Written by Wilhelm Ratuszynski

      As the last of the Polish bomber units, No 305 (Ziemia Wielkopolska) Squadron was formed on 1 September 1940 at Bramcote. All flying personnel came from the 18 OUT located at the same airfield, many of them, members of the 3rd Air Regiment in Poland. At the beginning, the total personnel numbered 23 officers and 156 other ranks. The position of the first CO was given to W/Cdr J. Jankowski, who was assisted by his British advisor W/Cdr J. Drysdale. Operationally, the squadron was attached to No. 6 Bomber Group.
       Just as other forming Polish bomber squadrons, the 305 was equipped with single-engine Fairey Battles. And as the training progressed, the unit was reequipped with Vickers Wellington. This change came toward the end of November. Many new postings arrived as the number of crewmen and personnel had to be doubled. The airfield became too small, and the 305, together with its sister squadron No. 304, was moved to RAF Syerston. The move came on 2 December 1940.
      Rather intense training now took place at a large, pre-war aerodrome. The crews were billeted quite comfortably, and theirs rosters crystallized into harmonized cells. This helped them to be much better prepared for upcoming operations over the enemy's territory. These, on the other hand, came only at the end of April 1941.
Meantime, on 4 April, W/Cdr Kleczynski was given a command of the squadron.
      On the night of 24/25 April 1941, the squadron took part in operations for the first time. The fuel tanks of Rotterdam were bombed by the RAF, and among scores of British bombers over the target were three 305 Wellingtons piloted by W/Cdr Klenczynski, F/O Jonikas and F/Sgt Trembaczynski. All three aircraft returned safely, and to commemorate this event, the day of April 25th, became the official Squadron Day.
      On May 3rd and the second mission the unit suffered its first loss. On its way to bomb Emden, the crew of F/O Nogal was shot down over Holland. A week later, the same fate met the crew of Sgt Dorman.
In May 1941, all four Polish bomber units sent crews every time Bomber Command prepared something for Germans. The 305 crews bombed targets in Germany and France. The end of May was marked by excitement, as the news about German battleship Bismarck spread around, and the crews stood by with Wellington bombed up with armor-piercing bombs.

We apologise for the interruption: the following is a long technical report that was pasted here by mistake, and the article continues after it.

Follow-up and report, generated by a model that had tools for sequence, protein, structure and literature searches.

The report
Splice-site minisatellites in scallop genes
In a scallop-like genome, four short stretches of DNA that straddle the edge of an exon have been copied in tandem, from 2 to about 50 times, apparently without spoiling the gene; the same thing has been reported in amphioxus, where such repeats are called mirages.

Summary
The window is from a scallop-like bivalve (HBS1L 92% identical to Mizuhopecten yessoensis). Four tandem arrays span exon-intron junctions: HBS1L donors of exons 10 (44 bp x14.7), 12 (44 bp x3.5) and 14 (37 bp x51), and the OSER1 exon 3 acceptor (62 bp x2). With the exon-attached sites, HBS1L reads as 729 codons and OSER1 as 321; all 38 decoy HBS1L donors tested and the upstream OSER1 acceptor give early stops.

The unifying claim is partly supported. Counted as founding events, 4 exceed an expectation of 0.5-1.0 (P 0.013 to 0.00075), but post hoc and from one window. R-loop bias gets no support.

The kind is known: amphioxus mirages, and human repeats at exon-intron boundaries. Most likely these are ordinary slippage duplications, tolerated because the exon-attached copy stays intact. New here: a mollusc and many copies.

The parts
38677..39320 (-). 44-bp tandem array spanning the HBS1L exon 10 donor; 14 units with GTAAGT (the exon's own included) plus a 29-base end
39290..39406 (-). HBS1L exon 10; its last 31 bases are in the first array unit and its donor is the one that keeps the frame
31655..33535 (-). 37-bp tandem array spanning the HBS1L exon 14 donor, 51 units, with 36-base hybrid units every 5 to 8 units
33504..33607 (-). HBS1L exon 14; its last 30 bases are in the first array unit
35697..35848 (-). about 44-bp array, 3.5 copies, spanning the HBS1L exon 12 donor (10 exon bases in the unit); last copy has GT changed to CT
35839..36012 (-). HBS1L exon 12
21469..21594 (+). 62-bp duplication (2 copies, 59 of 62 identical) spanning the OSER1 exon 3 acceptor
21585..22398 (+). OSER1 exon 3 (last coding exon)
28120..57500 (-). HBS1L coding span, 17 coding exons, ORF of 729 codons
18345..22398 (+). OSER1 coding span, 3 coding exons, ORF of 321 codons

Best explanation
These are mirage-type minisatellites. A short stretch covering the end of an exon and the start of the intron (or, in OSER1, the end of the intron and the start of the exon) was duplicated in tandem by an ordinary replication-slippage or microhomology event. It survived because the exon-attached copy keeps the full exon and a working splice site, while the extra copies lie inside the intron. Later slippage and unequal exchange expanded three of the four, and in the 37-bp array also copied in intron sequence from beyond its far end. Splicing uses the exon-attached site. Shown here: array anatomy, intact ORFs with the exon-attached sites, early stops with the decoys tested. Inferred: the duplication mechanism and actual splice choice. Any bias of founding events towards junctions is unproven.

In June, the nights became much shorter, what resulted in part of the bombing runs flown in daylight. The good weather prolonged and German night fighters made many interceptions. Many RAF bomber crews were force to ditch, and the 305 flown multiple of the air-sea rescue missions.
       The A.O.C.-in-C. Bomber Command and the A.O.C. No. 1 Bomber Group inspected No. 304 and No. 305 Squadrons on 11th June, and H.R.H. the Duke of Kent visited them two days later.
       On the night of 13/14 June, the 305 crews took part in a bombing raid against German battle ships Gneisenau and Scharnhorst at Brest berths. Six 305 Wellington piloted by: W/Cdr Klenczynski, S/Ldr Kielich, F/Lt Zach, Sgt Siemienski, Sgt Lewek and Sgt Nalota, returned safely to Syerston. But the losses were inevitable. Just as all the other Bomber Command units, the 305 had its share of fatalities. The most painful for the squadron was the loss of S/Ldr Kielich, whose aircraft was damaged by flak over Boulogne and the crew bailed out over the channel. Read F/O Idzikowski's relation.
       It is safe to say that, just like other Polish squadrons, the 305and loaded with exceptionally good human material, and its service with the Bomber Command was not unnoticed. Quite telling is a report of the RAF Swiderby CO's, G/Cpt Pendred (who by that time familiarized himself with Poles and their novel customs) to the HQ of No. 1 Group, and which mentioned the F/Lt Korbut No. 305 Squadron navigator: